Wisconsin redistricting: Republicans take case to Supreme Court

The United States Supreme Court building in Washington, D.C. (Government file photo)

Wisconsin Republican state lawmakers on Friday, Sept. 24 asked the U.S. Supreme Court to dismiss a redistricting lawsuit brought by Democrats that asks a federal court to draw political boundary lines in the battleground state.

The filing by attorneys representing the Republican-controlled Legislature comes two days after the conservative-controlled Wisconsin Supreme Court said it would hear a similar case backed by the GOP. Republicans feel they will have a better shot in the state Supreme Court, controlled 4-3 by conservatives, than they will in federal court.

The case belongs in state court and it's too early for such a case to be considered in federal court, Republicans said in Friday's filing asking the U.S. Supreme Court to dismiss the lawsuit. That lawsuit was filed on behalf of Wisconsin voters by the Democratic Party's lead attorney Marc Elias and a host of voting advocacy groups in the state.

The panel of three federal judges considering the redistricting lawsuit previously declined to dismiss the case and on Tuesday said they wanted to conclude a trial by the end of January. Republicans on Thursday asked to put the case on hold and the judges gave all the parties until Oct. 1 to respond.

All of the legal maneuvering comes before the Legislature has even introduced new maps for congressional and legislative districts, let alone voted on one.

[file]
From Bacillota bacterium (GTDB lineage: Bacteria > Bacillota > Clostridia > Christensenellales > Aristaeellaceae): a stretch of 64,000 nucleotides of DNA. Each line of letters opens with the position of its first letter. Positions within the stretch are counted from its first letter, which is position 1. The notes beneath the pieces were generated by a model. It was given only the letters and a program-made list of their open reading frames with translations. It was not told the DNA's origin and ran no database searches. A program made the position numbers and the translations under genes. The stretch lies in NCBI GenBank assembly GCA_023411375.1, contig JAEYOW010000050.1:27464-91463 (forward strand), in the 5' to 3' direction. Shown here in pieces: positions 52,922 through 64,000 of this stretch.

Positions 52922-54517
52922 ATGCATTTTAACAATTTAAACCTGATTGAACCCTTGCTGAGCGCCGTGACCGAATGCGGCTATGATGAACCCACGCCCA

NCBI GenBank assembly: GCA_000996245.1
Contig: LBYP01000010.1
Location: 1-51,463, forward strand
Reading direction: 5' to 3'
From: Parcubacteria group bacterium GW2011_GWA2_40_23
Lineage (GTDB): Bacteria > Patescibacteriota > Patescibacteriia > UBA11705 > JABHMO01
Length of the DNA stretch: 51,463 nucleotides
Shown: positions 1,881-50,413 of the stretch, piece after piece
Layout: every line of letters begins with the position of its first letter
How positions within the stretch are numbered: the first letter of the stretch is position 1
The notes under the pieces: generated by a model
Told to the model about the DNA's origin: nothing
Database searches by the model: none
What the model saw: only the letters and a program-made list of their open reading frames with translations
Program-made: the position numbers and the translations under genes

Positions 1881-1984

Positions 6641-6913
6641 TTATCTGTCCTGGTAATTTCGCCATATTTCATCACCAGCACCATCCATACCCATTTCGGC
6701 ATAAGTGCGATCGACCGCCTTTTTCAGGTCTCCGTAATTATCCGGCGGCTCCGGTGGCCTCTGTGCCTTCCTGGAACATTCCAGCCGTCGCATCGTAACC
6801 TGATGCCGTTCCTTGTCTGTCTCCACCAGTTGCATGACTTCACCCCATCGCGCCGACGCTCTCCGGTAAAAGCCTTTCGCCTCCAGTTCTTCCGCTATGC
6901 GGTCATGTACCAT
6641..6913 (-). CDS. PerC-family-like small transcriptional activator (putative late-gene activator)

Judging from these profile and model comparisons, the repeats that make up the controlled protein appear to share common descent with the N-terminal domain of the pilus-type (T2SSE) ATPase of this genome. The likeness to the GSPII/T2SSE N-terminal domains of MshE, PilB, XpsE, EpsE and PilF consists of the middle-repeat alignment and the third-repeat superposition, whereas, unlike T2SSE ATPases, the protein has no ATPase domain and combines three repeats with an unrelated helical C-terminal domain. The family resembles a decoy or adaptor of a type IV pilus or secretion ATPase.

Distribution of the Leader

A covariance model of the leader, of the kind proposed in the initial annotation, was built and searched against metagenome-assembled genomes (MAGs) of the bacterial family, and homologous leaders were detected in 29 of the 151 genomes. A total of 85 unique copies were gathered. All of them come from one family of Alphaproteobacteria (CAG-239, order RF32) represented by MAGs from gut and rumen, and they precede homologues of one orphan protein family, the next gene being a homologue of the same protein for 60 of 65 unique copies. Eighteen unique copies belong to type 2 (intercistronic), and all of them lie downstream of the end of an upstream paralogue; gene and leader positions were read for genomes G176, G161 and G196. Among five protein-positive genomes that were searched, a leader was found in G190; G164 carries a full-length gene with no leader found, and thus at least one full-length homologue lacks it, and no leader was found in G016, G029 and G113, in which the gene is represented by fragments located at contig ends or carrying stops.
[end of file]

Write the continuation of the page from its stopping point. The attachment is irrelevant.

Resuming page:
Republicans and Democrats alike expect whatever the GOP-controlled legislature passes will be vetoed by Democratic Gov. Tony Evers. That's why they are asking the courts to get involved now. The last three times redistricting was done in Wisconsin under divided government, in 2002, 1992 and 1982, a federal court drew the maps.

Wisconsin State Capitol, Madison

Wisconsin State Capitol, Madison

If the U.S. Supreme Court agrees with Republicans and ends the federal lawsuit, that means the Wisconsin Supreme Court would approve the final maps if the Legislature and governor don’t agree.

"Even in this era of politicized decisions from the nation’s highest court, the American people have the right to expect our federal courts to follow the law and not do the parochial bidding of one state’s politics party," said Sachin Chheda, director of the Fair Elections Project. "The Supreme Court should reject this partisan nonsense for what it is - an unveiled effort to rig the process in favor of one political party."

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The Legislature on Tuesday is scheduled to approve a resolution stating that the current district will be used as the basis for drawing new maps. The federal lawsuit backed by Democrats argues that the current maps are unconstitutionally gerrymandered and should not be the starting point for creating the new lines.

Redistricting is the once-a-decade process of redrawing the state’s political boundaries based on the latest census showing how populations have changed in neighborhoods, cities and counties since 2010. Mapmakers can create an advantage for their political party in future elections by packing opponents’ voters into a few districts or spreading them thin among multiple districts — a process known as gerrymandering.

An Associated Press analysis found that Republicans won about 16 more U.S. House seats in 2018 and held on to seven more state legislative chambers, including the Wisconsin Assembly, than would have been expected to based on their average share of the vote in congressional districts across the country.

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